EchoStar Mobile in November 2022 launched a service which offers two-way connectivity through a GEO satellite fixed over Europe.  The GEO satellite antenna comes in three sizes: 3.7m, 5m, and 6m (ca 18 feet) , depending on the ground location from the satellite.  This means that the device antennas on the ground can be very small, which makes them very portable.  What is more, because essentially the same LoRa is used for terrestrial as for satellite communications, dual mode operation using LoRa is available.  The only difference is that the LoRa link to the satellite uses the S Band.  EchoStar has a licence to use the S Band, which is very weather resilient.

EchoStar services bring several competitive advantages:

  • Seamless coverage across all Europe, the UK and parts of Scandinavia, bypassing country borders with no service gaps.  This means no roaming agreements are needed compared with cellular.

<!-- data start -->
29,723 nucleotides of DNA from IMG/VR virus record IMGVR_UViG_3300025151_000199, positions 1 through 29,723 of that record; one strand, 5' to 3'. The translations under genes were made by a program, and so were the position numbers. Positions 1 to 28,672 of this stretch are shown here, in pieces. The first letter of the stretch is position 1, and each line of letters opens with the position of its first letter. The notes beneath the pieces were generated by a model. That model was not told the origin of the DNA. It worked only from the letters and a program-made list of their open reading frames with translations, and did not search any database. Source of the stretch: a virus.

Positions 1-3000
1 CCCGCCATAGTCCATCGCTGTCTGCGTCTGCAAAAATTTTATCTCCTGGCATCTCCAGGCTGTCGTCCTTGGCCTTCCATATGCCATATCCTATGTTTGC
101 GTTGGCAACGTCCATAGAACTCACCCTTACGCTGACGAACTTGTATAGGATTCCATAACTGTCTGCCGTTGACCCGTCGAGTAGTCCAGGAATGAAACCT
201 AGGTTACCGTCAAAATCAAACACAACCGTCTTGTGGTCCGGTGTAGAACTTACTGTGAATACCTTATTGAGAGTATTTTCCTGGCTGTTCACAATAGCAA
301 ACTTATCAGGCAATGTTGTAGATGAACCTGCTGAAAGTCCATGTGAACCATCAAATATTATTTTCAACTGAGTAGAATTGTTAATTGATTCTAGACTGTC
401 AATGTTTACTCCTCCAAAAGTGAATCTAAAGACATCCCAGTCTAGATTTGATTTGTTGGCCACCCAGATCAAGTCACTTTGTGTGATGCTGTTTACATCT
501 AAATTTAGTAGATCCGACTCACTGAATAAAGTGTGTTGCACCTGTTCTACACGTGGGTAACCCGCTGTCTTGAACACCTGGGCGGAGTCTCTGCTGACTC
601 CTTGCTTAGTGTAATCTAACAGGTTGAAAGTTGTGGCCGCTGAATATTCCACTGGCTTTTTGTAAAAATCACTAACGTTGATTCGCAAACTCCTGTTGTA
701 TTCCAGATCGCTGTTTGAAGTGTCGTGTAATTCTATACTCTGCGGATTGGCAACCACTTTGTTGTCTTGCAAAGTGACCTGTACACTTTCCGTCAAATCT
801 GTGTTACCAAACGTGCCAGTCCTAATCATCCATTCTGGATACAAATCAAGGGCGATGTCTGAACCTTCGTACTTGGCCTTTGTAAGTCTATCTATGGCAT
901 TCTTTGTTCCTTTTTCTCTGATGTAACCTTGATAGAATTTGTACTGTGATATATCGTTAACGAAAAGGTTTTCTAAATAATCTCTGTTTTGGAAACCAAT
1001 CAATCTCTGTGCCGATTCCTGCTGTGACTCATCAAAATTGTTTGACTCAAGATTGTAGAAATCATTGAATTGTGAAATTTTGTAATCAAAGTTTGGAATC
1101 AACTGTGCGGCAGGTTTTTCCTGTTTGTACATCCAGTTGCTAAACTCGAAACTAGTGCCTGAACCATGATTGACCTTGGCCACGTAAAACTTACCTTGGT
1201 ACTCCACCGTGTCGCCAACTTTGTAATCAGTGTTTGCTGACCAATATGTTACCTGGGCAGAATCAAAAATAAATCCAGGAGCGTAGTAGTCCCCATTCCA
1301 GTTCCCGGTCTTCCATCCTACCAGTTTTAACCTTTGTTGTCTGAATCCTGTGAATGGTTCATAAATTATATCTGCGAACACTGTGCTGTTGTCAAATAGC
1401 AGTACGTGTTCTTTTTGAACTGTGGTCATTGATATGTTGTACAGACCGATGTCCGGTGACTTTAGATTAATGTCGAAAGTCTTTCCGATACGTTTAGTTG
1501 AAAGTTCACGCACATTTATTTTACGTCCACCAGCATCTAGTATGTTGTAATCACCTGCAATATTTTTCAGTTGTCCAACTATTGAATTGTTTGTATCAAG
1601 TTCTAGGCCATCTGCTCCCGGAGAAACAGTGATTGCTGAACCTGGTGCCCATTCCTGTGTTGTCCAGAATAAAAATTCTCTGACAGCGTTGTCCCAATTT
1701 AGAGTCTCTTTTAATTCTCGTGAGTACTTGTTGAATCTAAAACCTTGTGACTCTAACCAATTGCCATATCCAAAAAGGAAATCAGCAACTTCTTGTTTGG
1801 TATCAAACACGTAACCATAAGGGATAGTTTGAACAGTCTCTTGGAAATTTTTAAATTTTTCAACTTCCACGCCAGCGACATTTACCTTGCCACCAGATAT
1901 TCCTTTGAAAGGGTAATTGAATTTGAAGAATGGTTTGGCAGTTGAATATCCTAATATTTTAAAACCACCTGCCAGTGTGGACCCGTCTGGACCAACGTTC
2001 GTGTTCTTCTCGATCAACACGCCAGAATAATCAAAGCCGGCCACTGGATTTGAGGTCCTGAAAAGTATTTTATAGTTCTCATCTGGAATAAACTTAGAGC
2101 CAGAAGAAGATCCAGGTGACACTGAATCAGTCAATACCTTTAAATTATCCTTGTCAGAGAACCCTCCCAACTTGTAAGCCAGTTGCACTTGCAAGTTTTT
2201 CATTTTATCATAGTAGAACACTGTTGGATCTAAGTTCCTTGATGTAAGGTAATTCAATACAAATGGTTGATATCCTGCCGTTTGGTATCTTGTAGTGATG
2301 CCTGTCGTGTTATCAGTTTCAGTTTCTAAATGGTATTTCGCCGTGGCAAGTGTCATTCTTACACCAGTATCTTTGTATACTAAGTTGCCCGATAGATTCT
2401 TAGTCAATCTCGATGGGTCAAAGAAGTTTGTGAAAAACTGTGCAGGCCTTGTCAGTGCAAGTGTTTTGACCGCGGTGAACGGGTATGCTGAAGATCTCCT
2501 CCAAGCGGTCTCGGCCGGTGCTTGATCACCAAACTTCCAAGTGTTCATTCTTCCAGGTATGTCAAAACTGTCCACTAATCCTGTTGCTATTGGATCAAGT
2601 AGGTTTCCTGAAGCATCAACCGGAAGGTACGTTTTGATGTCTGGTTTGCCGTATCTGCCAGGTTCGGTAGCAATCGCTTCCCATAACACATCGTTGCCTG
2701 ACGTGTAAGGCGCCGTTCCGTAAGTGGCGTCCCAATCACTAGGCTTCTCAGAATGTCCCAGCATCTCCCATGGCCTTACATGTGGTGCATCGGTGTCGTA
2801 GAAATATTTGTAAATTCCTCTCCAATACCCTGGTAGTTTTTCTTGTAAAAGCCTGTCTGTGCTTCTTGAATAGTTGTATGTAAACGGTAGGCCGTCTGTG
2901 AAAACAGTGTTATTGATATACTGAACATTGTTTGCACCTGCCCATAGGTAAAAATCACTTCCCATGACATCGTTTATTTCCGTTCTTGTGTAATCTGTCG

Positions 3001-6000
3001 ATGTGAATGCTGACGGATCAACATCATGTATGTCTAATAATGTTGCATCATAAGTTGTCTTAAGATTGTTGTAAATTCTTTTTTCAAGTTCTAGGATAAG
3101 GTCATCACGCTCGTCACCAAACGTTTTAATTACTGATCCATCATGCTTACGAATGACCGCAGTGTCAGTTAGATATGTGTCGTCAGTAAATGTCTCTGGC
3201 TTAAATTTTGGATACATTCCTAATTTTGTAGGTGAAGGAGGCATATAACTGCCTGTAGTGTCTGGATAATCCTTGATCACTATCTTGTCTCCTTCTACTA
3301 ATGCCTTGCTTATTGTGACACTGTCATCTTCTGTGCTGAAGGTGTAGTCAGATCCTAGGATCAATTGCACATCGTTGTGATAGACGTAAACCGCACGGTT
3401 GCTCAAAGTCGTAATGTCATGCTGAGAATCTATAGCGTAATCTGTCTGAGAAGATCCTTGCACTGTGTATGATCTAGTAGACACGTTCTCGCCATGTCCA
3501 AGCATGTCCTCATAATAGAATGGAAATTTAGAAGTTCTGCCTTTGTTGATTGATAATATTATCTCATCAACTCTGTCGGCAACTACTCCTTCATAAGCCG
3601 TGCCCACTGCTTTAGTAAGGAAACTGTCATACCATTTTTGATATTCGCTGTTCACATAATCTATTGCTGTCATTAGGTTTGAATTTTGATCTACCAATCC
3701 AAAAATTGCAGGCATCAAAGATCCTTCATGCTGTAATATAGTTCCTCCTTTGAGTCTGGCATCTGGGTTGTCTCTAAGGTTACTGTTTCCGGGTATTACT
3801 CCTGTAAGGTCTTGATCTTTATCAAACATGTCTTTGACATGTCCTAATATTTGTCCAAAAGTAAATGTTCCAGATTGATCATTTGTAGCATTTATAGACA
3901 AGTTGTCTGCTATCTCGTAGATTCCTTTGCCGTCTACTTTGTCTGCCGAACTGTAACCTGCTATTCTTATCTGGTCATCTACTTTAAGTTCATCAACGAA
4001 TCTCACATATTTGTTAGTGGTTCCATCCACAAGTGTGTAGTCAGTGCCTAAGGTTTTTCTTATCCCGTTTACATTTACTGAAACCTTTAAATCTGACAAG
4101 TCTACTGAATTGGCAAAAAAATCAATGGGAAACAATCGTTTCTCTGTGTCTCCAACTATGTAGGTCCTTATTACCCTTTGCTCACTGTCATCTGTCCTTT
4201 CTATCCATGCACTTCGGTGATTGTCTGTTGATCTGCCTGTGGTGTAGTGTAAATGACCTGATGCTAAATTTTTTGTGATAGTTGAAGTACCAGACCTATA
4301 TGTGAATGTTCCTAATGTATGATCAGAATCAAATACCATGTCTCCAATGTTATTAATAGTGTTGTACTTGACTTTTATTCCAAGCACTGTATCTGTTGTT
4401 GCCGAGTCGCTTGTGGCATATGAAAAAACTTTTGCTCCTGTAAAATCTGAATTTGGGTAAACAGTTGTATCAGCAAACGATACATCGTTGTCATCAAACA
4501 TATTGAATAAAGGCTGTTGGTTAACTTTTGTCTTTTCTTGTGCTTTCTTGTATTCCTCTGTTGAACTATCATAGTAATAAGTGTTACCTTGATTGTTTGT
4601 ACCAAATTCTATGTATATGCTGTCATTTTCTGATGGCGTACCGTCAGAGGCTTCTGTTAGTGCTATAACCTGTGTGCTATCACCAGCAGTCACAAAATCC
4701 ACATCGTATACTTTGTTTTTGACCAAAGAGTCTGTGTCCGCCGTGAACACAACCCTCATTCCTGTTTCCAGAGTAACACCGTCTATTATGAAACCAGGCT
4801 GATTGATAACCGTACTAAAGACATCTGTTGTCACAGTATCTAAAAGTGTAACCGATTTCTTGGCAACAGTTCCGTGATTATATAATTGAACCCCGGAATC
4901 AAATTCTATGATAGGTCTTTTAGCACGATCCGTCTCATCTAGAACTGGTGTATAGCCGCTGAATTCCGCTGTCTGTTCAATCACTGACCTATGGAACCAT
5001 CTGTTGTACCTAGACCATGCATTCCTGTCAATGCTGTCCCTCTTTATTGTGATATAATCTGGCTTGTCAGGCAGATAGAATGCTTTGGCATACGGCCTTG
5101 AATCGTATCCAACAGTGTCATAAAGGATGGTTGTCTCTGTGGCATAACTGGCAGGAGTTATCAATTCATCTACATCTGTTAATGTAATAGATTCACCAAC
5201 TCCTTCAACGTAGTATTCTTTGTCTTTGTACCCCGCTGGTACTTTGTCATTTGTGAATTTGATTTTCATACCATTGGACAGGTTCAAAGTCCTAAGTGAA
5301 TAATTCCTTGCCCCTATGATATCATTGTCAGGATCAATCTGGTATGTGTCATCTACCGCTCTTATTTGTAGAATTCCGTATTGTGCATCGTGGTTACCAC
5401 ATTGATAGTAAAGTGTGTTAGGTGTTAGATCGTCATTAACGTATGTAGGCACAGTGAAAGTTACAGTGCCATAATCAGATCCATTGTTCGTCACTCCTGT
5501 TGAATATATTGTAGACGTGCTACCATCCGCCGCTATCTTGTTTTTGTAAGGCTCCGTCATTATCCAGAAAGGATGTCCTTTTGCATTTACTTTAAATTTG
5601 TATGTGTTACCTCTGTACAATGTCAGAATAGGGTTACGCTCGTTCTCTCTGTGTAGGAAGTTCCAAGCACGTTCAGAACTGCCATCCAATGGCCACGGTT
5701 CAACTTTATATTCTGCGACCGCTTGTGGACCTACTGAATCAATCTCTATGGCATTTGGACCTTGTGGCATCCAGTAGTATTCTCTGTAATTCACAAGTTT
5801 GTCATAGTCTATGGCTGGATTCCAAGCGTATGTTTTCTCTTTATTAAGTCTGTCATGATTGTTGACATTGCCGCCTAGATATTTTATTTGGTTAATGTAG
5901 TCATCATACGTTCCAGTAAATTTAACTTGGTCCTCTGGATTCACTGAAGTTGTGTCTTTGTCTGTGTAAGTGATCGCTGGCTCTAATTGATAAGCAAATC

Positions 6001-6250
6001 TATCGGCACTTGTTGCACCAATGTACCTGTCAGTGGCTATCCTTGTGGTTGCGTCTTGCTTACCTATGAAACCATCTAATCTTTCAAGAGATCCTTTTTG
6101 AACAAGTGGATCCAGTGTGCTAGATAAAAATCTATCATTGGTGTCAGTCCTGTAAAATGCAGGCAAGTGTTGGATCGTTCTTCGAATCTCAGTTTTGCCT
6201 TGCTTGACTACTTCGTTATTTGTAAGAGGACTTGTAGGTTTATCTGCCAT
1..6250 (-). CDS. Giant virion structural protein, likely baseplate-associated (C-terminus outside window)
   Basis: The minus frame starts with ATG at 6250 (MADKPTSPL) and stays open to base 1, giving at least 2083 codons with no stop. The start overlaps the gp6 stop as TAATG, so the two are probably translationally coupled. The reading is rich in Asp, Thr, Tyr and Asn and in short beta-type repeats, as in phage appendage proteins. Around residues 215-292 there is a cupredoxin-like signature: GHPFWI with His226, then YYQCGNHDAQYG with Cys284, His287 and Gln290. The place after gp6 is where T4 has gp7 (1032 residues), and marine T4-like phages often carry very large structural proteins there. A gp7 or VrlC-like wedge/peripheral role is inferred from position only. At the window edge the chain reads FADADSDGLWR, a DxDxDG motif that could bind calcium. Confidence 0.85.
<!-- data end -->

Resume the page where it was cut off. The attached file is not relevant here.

• EchoStar’s LoRa service dramatically reduces the traditional cost of satellite connectivity for low data rate applications.  This means that handing off to a ground-based LoRa network is a simpler multimode operation.  A terrestrial LoRa network can penetrate buildings, so a continuous LoRa based asset tracking service can be provided, ranging from international coverage down to within a building. 
  • EchoStar operates its satellite connectivity in the S band, which is highly weather resistant, hence suitable for wet conditions in Europe.
  • Bi-directional capability allows for communication back to the device to update firmware, and change configuration without costly despatching of experts to site.
  • Real-time data allows for immediate situational awareness, regardless of the location of the asset.

The dual-mode design allows customer to leverage existing networks to be utilised alongside the terrestrial LoRa-enabled network, so existing investments remain workable while also allowing an expansion of the sites monitored.

For more details on this. including use cases, see the new report ‘IoT for Logistics: Managing Supply Chains Everywhere’, available via free download at

Therese Cory, PhD

Senior Analyst, Beecham Research